The Xbox 360 will
be backwards compatible with the Xbox, according to Microsoft.
However, current game titles will need to be 'recompiled' for the new hardware in the 360, the firm has told journos at E3.
has the scoop, and rightly questions just exactly what each recompile will involve.
Xbox games are written for Intel chips and Nvidia graphics, on a standard x86 architecture. The 360 is based on IBM PowerPC chips, and a next-gen ATI card. There will clearly have to be some substantial reworking done. Will there simply be a patch for each game, perhaps available over Live? How much work is needed to be done to each game to get it to run? The Microsoft statement that first on the list of titles to be compiled - note, not among the first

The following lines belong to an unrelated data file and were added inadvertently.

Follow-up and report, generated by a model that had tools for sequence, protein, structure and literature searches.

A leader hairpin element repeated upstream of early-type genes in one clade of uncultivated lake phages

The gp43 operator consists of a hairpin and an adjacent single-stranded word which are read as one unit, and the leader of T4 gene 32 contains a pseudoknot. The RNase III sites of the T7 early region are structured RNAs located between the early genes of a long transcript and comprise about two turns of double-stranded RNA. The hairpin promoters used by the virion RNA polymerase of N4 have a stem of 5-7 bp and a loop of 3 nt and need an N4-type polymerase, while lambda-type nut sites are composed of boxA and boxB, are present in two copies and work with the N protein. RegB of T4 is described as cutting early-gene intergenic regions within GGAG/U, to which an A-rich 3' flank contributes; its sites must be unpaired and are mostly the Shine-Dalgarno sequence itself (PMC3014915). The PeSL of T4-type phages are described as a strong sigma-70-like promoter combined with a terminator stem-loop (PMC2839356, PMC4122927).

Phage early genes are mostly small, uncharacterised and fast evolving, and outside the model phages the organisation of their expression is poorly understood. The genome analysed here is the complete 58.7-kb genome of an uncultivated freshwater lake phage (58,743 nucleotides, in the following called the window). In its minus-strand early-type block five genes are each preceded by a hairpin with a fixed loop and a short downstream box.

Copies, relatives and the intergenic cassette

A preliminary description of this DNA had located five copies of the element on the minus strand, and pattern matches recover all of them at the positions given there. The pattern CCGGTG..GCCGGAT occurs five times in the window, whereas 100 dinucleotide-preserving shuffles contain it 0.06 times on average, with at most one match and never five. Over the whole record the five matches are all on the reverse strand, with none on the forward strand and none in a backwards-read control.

, which would imply a quantity - are the Halo titles, rather indicates that it's quite a lot of work to get them done.
Whether or not we'll need to pay again for them is also unclear. We'd suggest that such a move would be a little suicidal.
Meanwhile, gamers have been expressing disappointment at the underwhelming nature of most of the Xbox 360 demo titles on display at the show. However, Anandtech has the reason
: the games running at the show are running on current-generation development kits, comprised of Apple G5s and Radeon X800s. The actual hardware doesn't appear to be running in the public-facing area.
Discuss this news in the forums